The writer, of North Platte, represents District 42 in the State Legislature, where he is chairman of the Education Committee.
If Nebraska’s governor were a corporate CEO and the Legislature were the corporation’s board of directors, labeling the Revenue Committee’s Legislative Bill 289 as a price increase to customers (sales taxes) and a major spending jump in a service (public education), would be accurate.
But government is not a corporation. State government doesn’t compete with local government and vice versa; the interest of citizens shouldn’t be subservient to the politics of government.
Thoughtful Nebraskans understand that LB 289 is an effort to rebalance the overall government budget and is not a tax increase. The bill addresses our embarrassing eighth-highest national property tax rating by correcting its overreliance on property taxes to fund public education. Nebraskans do support public education; at $12,379 per student, we rank 17th nationally. The inequity lies in the fact that we rank 46th in state support (income and sales taxes); meanwhile, support by overburdened property taxpayers is third highest.
Historically, governors and legislatures have controlled state spending by shifting their constitutional duty to fund public education to local property taxpayers. No matter who the property owner is — middle-class homeowners, retirees, small businesses or those in production agriculture — when asked what tax is the most regressive and worrisome to pay, the answer is overwhelmingly property taxes.
At the forefront of LB 289 is property tax relief. On average, property owners would receive an immediate 10-15% reduction in property taxes, plus $115 million will remain in the Property Tax Credit Fund to be disbursed to them. Mechanisms in LB 289 would guarantee tax relief through fairness in school funding; a per-student foundation aid is created based on 25% of state tax revenues. Including foundation aid, no school district would receive less than a third of its funding needs from state aid (213 currently do not).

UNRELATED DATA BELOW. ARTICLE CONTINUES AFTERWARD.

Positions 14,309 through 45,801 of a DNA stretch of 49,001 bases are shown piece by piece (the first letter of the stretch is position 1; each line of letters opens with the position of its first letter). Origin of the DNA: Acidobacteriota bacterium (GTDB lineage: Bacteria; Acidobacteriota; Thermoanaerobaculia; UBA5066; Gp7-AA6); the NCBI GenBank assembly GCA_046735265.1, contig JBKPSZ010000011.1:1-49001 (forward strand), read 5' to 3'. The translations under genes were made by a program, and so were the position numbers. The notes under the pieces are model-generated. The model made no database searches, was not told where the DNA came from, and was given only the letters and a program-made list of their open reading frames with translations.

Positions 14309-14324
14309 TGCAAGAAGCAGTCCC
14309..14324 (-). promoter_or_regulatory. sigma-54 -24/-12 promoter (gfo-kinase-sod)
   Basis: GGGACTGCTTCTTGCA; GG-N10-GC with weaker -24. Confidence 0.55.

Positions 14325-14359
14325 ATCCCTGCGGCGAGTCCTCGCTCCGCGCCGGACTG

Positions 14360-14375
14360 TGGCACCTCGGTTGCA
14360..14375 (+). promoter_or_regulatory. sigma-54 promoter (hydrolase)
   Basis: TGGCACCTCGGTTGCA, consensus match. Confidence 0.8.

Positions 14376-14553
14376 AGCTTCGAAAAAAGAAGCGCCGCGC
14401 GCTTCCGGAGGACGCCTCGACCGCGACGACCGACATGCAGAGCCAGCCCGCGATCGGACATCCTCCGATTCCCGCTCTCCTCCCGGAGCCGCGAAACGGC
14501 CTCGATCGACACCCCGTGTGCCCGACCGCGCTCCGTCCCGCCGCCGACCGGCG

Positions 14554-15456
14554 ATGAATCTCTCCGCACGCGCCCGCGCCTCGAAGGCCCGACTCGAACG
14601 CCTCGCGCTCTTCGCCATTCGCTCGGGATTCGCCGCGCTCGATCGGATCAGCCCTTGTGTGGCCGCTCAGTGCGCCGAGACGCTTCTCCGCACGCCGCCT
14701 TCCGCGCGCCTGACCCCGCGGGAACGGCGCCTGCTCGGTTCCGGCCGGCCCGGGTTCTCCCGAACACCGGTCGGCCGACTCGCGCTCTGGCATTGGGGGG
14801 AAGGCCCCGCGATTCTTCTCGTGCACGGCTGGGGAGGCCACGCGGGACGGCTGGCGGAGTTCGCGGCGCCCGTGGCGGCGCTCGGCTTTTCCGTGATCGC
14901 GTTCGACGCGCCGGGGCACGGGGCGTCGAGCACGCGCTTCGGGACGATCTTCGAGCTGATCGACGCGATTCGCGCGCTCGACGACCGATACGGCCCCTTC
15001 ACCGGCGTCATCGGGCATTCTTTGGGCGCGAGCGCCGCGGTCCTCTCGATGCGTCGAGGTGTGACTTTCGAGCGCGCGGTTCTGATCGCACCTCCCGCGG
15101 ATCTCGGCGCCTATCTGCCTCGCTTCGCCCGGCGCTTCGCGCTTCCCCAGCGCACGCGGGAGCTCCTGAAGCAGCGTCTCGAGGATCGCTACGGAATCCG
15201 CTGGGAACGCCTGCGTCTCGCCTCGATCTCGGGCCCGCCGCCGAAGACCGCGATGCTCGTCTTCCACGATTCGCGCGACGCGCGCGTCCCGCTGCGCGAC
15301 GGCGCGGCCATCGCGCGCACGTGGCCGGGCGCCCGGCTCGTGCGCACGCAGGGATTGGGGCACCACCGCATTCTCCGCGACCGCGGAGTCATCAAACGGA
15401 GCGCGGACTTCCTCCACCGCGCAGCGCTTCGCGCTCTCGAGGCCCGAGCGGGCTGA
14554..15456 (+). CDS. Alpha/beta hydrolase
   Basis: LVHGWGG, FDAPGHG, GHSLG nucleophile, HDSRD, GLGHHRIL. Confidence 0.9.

The maximum general fund levy would be lowered from $1.05 to 96 cent and local property valuations would decrease 10% within the state-aid school funding formula. Finally, large property valuation increases would no longer drive up school taxes because LB 289 limits growth of local property tax revenue for schools to new construction growth and CPI-calculated inflation, thus removing future effects of unreasonable valuation increases.
LB 289 controls the growth of spending by eliminating factors that encourage it. To address the needs of 244 diverse school districts varying in enrollment from 60 to 51,000 students, Nebraska’s school funding formula is, by necessity, complicated. Long-term cost savings are achieved by removing from the formula an unwarranted funding adjustment for per-student cost that only the largest 19 districts receive. Resetting unused budget authority accessed by smaller schools would also slow down spending, and any growth in school needs over and above increases in enrollment, poverty, language barriers and other factors would be limited to the inflation rate in lieu of the current 2.5% arbitrary factor. These changes will assure taxpayers no less than a dollar-for-dollar decrease in their property taxes from the new sales taxes collected.
Nebraskans are demanding needed property tax relief along with reliable, predictable and equitable school funding. The answer is achieved by addressing the unbalanced three legs of our income, sales and property tax stool. Presently, Nebraskan’s tax burden is split 44% property, 30% income and 26% sales. Raising the sales tax levy by a half-cent and plugging some of the obvious exemption holes in our tax-collection bucket can level the stool’s legs and achieve appreciable property tax relief.
We can’t afford the taxation path we are on. This critical public policy debate shouldn’t be decided by simplistic and misleading political one-liners such as “the largest tax increase in Nebraska history.” If LB 289 fails, candidates for state office will have to answer some hard political questions: Should voters angered by legislative inaction support a 35% property tax credit initiative on the 2020 ballot? When offered, did they support the good state policy and long-term property tax relief of LB 289? And if they did, why isn’t there a recorded vote, to prove it?